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Tax Avoidance Targeted In Brown's Pre-Budget Report

by Jeremy Hetherington-Gore,, London

03 December 2004

UK Chancellor Gordon Brown yesterday delivered his annual pre-budget report to Parliament, claiming in defiance of widespread criticism that the UK economy is still on course to meet the 'golden rule' target of borrowing only for investment over the economic cycle.

UK growth for 2004/2005 is forecast to be 3.25%, with similar growth expected next year. Brown's critics point out that this growth is entirely in the public sector. Borrowing this year is forecast to be GBP35bn, up from a 24bn forecast in last year's budget - but the forecast is dependent on tax revenues meeting their forecast level, something that is seen as very unlikely by most commentators.

Fiscal measures announced yesterday include an extra £1bn for Council tax support, plus additional spending on childcare. Proposals for increased maternity leave will worry employers, but the major business issue raised by the largely content-free Chancellor's speech is the question of anti-avoidance, and the imposition of transfer pricing and thin capitalisation rules within the UK.

One positive note, carefully concealed in the fine print of the ‘Red Book’, is an announcement that the Government is not going to make immediate moves to change the taxation regime for non-domiciled individuals. The complexity of this issue has evidently defeated the Treasury's slash-and-tax axemen.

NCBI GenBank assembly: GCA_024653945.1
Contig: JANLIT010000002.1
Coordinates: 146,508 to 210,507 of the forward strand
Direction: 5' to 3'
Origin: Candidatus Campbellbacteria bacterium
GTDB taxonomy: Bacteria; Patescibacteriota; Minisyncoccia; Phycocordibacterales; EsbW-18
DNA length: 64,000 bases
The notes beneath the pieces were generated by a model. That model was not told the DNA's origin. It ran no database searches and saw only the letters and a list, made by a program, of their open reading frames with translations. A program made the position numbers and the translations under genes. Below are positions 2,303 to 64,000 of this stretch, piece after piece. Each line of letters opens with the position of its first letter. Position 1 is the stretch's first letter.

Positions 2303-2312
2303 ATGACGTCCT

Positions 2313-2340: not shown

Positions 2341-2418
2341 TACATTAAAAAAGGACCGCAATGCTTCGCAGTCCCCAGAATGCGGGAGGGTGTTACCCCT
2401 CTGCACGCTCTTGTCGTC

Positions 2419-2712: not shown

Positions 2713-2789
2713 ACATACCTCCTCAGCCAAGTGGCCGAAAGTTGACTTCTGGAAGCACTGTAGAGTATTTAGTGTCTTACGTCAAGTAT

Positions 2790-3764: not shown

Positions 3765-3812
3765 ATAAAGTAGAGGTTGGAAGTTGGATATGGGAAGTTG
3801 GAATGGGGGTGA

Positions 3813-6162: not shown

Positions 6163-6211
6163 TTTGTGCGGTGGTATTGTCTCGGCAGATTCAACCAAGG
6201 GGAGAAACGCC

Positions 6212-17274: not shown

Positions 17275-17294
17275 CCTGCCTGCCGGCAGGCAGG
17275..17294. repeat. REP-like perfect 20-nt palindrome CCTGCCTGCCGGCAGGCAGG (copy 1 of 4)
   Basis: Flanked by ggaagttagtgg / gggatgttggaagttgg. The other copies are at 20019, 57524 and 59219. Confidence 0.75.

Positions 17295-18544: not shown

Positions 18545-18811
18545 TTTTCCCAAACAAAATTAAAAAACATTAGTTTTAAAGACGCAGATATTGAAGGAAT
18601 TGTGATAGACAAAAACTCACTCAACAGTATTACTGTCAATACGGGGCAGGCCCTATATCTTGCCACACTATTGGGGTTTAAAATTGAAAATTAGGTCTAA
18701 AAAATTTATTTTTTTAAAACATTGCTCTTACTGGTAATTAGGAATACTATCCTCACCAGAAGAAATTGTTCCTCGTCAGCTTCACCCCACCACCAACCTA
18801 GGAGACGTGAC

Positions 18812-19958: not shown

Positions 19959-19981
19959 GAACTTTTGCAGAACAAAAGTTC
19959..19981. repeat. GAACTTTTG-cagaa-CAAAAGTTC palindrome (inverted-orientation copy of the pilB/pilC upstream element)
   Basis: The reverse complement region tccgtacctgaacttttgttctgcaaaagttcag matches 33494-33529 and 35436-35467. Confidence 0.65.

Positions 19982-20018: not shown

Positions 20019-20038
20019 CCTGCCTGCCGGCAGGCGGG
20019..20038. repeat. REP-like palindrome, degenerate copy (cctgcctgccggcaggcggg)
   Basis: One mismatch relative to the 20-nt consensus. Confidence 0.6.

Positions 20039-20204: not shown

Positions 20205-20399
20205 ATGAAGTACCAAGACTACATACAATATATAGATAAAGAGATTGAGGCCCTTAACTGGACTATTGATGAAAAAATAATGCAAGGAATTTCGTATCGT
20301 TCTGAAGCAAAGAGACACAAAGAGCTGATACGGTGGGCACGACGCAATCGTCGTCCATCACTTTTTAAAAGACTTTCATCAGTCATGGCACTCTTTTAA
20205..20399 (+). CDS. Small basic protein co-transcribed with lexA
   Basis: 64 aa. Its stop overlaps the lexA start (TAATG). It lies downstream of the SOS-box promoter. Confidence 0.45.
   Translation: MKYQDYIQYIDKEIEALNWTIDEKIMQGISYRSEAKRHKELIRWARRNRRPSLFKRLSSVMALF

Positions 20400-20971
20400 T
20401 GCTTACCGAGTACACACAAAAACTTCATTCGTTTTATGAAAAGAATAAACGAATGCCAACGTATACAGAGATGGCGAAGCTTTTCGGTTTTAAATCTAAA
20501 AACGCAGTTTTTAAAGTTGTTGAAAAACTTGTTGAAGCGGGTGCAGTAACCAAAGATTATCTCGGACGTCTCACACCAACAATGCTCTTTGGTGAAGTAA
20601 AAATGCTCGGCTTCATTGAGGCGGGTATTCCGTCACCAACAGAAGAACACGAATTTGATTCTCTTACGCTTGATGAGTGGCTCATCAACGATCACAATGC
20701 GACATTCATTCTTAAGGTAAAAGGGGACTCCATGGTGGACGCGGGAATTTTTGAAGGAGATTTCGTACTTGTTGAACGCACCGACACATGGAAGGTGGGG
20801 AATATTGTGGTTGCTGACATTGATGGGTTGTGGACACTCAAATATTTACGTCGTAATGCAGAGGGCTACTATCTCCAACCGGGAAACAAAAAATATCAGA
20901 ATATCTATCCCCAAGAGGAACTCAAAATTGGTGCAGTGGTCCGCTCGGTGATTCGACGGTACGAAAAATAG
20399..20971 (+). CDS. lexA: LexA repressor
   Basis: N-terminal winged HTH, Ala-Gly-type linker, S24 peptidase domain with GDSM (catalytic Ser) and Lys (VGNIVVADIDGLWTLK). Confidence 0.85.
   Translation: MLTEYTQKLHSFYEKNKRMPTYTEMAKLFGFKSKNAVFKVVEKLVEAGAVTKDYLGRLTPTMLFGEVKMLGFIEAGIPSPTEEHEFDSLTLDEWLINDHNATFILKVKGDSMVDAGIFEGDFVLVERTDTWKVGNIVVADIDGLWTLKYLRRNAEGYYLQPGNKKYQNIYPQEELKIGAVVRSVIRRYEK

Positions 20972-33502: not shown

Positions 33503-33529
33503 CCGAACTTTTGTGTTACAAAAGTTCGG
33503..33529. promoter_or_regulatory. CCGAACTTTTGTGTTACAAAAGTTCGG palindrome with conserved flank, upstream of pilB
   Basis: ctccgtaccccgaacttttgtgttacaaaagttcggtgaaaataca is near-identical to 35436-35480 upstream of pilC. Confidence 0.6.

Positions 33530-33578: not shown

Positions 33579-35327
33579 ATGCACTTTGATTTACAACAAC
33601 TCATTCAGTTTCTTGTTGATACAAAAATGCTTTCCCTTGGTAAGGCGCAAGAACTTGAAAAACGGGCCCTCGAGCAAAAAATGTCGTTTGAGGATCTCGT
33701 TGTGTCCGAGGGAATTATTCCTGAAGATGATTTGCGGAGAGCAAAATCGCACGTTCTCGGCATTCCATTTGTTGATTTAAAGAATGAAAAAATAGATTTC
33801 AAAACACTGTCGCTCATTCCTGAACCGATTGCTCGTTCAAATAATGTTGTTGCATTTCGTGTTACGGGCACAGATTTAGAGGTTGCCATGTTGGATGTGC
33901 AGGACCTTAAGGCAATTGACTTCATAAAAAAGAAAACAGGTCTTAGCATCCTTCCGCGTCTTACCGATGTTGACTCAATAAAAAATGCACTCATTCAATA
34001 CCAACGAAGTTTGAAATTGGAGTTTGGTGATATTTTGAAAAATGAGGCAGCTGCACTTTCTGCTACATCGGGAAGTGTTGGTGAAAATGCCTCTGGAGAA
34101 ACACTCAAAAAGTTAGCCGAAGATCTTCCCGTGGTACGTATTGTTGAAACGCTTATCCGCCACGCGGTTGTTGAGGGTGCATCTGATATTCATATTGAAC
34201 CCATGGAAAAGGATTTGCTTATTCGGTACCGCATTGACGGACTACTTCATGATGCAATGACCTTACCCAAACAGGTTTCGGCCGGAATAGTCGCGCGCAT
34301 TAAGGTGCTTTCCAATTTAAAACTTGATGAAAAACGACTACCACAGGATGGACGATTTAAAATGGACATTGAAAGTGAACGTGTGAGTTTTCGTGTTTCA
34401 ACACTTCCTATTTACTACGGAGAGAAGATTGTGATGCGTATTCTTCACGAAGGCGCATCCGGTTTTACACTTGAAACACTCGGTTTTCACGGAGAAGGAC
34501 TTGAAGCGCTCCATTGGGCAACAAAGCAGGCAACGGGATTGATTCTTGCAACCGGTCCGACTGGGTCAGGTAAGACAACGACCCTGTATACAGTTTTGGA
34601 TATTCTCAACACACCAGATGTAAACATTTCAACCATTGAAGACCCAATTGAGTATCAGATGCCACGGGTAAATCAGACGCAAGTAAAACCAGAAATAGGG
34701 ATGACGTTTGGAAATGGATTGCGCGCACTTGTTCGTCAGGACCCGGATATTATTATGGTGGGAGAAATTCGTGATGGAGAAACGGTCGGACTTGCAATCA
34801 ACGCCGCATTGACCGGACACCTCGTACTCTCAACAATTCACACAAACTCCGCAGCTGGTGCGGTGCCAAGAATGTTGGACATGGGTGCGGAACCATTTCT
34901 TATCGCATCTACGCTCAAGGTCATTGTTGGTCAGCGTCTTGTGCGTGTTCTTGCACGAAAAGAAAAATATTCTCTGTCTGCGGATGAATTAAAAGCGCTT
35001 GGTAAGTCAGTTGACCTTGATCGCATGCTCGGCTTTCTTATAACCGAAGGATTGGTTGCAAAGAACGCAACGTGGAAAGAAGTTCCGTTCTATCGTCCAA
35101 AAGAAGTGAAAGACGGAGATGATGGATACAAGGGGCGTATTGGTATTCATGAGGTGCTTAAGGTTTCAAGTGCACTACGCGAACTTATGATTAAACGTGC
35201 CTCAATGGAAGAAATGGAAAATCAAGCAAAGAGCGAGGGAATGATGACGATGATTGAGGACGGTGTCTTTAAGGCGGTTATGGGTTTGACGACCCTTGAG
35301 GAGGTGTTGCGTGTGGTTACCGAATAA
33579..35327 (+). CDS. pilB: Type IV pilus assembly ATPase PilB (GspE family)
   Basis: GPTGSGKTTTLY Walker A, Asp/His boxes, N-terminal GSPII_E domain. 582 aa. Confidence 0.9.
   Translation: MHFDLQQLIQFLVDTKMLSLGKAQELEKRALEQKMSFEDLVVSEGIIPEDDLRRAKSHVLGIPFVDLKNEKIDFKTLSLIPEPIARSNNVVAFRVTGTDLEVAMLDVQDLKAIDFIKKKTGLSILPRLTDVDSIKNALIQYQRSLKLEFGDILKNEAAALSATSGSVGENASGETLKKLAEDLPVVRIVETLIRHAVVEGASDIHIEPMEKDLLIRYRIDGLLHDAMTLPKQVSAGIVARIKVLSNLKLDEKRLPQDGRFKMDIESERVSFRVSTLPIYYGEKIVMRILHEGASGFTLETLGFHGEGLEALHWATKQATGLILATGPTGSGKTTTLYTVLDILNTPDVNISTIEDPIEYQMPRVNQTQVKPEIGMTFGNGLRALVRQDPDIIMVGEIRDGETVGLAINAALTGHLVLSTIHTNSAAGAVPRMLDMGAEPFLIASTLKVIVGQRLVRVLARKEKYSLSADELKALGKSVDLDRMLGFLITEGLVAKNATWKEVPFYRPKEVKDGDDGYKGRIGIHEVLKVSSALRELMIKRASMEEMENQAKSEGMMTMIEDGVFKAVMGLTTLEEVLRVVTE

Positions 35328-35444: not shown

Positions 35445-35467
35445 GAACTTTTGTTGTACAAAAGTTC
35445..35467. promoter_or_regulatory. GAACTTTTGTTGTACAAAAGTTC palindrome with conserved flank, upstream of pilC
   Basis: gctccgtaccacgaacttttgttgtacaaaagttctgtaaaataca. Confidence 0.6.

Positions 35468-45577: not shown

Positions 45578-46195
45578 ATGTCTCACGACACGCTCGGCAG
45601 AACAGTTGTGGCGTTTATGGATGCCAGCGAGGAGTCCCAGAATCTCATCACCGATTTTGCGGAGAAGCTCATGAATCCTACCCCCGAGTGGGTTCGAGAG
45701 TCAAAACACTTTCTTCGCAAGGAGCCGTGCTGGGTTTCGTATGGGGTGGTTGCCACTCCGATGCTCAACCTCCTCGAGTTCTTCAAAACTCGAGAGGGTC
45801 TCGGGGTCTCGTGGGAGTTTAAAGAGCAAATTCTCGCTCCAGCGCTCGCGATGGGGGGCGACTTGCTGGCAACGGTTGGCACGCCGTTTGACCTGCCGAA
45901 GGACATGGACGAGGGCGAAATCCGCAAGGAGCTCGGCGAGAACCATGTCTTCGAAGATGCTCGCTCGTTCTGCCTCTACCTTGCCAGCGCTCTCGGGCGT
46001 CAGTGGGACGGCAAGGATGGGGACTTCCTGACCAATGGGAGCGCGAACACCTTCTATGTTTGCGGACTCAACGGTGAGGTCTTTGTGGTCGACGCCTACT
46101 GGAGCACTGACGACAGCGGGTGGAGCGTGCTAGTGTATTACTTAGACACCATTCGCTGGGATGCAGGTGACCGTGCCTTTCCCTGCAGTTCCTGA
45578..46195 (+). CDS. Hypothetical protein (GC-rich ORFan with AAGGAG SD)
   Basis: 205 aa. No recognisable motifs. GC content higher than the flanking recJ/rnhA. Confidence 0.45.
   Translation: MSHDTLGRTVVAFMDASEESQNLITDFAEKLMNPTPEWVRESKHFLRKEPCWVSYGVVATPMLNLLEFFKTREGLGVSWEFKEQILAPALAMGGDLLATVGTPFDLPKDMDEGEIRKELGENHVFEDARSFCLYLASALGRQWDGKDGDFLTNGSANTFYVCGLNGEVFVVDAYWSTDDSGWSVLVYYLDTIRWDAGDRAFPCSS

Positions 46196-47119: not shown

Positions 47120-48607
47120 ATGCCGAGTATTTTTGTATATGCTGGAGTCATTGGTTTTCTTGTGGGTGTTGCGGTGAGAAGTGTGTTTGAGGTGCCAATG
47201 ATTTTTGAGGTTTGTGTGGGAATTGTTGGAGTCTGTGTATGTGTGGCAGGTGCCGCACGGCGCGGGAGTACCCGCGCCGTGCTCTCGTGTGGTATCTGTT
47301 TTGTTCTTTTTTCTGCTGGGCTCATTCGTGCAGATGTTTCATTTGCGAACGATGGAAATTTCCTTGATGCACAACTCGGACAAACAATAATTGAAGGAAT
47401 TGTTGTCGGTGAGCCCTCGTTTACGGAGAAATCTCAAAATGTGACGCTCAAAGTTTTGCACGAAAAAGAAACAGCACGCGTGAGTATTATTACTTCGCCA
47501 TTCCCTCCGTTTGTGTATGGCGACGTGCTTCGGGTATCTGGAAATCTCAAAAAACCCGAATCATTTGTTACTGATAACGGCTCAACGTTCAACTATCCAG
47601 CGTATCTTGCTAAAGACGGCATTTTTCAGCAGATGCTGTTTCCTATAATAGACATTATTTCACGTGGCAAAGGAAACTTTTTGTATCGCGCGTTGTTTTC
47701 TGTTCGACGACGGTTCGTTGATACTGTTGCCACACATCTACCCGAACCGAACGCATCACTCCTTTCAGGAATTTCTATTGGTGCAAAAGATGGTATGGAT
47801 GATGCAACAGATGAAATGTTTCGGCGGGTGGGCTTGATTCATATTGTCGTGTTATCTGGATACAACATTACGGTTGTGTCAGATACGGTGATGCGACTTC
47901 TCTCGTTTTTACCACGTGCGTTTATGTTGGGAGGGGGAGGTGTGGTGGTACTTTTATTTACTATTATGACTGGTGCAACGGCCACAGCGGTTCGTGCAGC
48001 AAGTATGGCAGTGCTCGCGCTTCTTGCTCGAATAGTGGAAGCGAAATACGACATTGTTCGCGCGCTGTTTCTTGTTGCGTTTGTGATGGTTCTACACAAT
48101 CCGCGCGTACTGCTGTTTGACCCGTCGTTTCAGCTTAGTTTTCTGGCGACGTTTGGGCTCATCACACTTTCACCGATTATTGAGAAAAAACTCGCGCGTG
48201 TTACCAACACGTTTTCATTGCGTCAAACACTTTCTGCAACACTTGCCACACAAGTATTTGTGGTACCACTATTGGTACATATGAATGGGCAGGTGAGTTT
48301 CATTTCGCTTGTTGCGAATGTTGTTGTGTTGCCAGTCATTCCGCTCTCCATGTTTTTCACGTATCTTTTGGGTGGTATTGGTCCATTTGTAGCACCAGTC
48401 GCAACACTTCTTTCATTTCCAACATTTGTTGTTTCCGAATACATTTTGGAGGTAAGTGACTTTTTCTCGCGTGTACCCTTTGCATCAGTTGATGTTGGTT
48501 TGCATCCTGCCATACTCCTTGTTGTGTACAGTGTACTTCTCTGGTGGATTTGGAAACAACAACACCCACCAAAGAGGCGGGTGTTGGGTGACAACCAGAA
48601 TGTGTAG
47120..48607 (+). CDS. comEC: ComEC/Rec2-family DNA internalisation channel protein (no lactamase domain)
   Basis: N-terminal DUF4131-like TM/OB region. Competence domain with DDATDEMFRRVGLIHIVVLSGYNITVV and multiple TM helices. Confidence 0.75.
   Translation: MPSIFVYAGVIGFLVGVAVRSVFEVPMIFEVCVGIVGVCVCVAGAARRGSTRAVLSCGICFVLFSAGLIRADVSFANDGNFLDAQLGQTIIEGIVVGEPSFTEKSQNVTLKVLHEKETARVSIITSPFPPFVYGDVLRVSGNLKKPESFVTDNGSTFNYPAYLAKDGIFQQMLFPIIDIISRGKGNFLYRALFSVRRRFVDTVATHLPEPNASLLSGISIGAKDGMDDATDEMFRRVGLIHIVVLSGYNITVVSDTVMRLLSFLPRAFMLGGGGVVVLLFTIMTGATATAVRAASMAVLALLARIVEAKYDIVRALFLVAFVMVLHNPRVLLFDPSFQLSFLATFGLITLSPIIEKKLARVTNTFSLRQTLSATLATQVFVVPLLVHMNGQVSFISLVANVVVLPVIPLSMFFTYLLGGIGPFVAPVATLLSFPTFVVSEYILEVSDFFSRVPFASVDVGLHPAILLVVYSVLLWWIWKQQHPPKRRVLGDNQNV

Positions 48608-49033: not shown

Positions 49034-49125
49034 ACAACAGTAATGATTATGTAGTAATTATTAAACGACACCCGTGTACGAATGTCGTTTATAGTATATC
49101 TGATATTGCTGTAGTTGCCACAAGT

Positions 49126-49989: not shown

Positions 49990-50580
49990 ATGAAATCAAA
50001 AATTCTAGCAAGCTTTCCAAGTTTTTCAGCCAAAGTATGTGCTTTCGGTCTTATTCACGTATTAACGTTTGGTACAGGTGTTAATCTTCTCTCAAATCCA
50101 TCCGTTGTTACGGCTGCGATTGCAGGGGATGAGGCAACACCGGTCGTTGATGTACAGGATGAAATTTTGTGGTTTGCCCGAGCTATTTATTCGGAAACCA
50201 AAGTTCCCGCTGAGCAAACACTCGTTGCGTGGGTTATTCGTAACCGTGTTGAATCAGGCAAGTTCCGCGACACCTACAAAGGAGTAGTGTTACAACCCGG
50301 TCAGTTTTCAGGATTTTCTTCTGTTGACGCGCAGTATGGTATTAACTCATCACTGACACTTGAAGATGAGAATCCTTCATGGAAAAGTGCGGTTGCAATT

As expected, however, the axemen have cut a wide swathe through the avoidance industry, including an announcement (smacking of desperation) that retrospective legislation is to be utilised in future to crack down on avoidance schemes that are judged to be abusive.

More constructive is the Inland Revenue's publication of a summary of responses to their July discussion paper seeking views on the taxation of Authorised Investment Funds (AIFs) following the introduction of the new collective investment scheme sourcebook (COLL) on 1 April 2004. The new regulations permit AIFs to undertake a wider range of investment strategies and also introduced the Qualified Investor Scheme (QIS) a non retail authorised fund with a lighter touch regulatory regime aimed at sophisticated investors.

The Government has also announced that it intends to legislate against arrangements which sought to produce tax-free income from repos or stock lending arrangements involving loan relationships. Proposed legislation will provide that all profits from such arrangements involving loan relationships should be brought into tax under the loan relationships regime.

The pre-budget report also prefigures extensive tinkering with R & D tax credits, which have notably failed in their purpose, tax measures to deal with the new European Company Statute, and an enhanced focus on small business which may be well intended but will no doubt further increase the weight of bureaucracy and red tape on anyone brave enough to start a new business in the UK.

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